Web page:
Analysis of Volatile Organic Compounds in Seawater by Purge and Trap (P&T) Concentration and Detection by Gas Chromatography/Mass Spectrometry (GC/MS)

New Organic Monitoring Techniques
Poster Presentation

Presented by C. Elmore
Prepared by C. Elmore
OI Analytical Xylem, 777 Graham Road, College Station, Texas, 77845, United States

Contact Information: [email protected]; 979-446-1576


Volatile organic compounds may be found in seawater due to natural processes and man-made sources. For example, Bromoform and Chlorodibromomethane which are Trihalomethanes, and Dibromomethane are predominantly produced naturally in seawater and are believed to be caused by a reaction with phytoplankton and microalgae.
Trihalomethanes include Bromochloromethane, Chloroform, Chlorodibromomethane, and Bromoform. These compounds are disinfection byproducts which are formed by the chlorination process in water sources including seawater. These contaminants can come from sources such as outfall into the ocean from treatment plants as well as desalination plants. Brominated trace compounds are potentially significant contributors to catalytic ozone loss in the troposphere and lower stratosphere.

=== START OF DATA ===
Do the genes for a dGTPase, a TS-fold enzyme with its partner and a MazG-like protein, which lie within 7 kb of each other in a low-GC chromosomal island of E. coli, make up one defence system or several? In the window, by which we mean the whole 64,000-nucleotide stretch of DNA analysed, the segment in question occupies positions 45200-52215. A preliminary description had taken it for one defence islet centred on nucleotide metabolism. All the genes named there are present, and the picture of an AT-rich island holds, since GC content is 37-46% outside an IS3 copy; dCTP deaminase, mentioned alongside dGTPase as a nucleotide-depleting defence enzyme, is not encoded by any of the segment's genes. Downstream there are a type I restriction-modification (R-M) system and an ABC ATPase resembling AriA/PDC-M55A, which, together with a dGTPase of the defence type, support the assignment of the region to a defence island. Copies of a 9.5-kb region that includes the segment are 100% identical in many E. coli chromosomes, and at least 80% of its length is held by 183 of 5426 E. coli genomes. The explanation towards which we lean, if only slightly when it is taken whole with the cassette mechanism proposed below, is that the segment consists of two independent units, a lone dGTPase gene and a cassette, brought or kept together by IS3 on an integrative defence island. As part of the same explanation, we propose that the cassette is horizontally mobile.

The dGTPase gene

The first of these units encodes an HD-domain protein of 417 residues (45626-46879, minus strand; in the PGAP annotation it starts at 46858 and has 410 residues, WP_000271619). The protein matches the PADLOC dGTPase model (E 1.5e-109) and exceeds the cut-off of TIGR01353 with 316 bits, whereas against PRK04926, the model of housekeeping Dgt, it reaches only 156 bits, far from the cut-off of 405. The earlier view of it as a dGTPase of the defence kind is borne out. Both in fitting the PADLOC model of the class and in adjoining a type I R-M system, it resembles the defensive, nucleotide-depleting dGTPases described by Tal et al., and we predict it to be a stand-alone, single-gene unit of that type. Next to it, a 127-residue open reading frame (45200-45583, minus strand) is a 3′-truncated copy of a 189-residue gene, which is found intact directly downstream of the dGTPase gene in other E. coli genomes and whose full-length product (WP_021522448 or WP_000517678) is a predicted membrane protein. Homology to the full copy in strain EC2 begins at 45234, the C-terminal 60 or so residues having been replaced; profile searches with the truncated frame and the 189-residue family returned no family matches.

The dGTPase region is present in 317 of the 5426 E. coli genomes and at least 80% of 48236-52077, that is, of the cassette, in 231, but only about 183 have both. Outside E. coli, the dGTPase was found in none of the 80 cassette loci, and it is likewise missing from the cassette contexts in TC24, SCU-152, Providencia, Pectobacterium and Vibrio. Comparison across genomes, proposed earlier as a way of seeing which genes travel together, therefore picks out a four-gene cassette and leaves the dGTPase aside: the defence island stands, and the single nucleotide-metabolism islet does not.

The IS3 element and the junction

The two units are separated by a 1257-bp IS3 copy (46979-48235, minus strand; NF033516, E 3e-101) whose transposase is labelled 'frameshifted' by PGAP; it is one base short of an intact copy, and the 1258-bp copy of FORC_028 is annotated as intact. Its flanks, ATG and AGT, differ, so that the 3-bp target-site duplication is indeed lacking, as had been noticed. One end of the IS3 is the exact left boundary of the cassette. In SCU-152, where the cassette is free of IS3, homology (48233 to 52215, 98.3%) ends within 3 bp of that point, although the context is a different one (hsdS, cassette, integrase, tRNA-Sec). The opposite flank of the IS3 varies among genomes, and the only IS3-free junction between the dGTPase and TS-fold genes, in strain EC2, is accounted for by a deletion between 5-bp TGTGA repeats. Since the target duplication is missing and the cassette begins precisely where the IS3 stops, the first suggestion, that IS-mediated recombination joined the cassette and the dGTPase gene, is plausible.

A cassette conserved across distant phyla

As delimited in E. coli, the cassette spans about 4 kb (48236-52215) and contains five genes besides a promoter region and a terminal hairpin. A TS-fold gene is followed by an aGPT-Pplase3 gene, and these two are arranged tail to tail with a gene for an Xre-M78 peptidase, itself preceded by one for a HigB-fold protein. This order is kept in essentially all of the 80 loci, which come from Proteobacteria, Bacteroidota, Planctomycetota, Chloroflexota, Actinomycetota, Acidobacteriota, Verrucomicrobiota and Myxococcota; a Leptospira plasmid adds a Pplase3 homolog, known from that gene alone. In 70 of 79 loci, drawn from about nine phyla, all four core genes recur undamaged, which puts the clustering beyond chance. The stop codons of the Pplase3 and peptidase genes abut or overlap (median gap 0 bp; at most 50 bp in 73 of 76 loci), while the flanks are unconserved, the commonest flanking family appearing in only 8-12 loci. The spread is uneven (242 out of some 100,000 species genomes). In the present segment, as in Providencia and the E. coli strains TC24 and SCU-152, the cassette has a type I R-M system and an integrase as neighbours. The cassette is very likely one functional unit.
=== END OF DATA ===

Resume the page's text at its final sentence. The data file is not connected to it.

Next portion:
Other volatile organic compounds are of interest. Outfall from various sources mixing with seawater may be monitored to determine the general health of the seawater in regards to plant and animal life. The analysis is also useful in determining the extent of pollution from oil spills and illegal dumping.
The purpose of this poster is to show a method for determining volatile organic compounds using purge and trap concentration and detection by gas chromatography/mass spectrometry. Of special concern is the corrosivity of salt water and how it will affect the sample pathway. Also the effect of salt concentration on recovery of volatile compounds will be explored. A typical compound list for EPA Method 8260 will be analyzed by full scan GC/MS and a subset of brominated compounds will be analyzed by selective ion monitoring (SIM). Seawater samples from the Gulf of Mexico will be analyzed.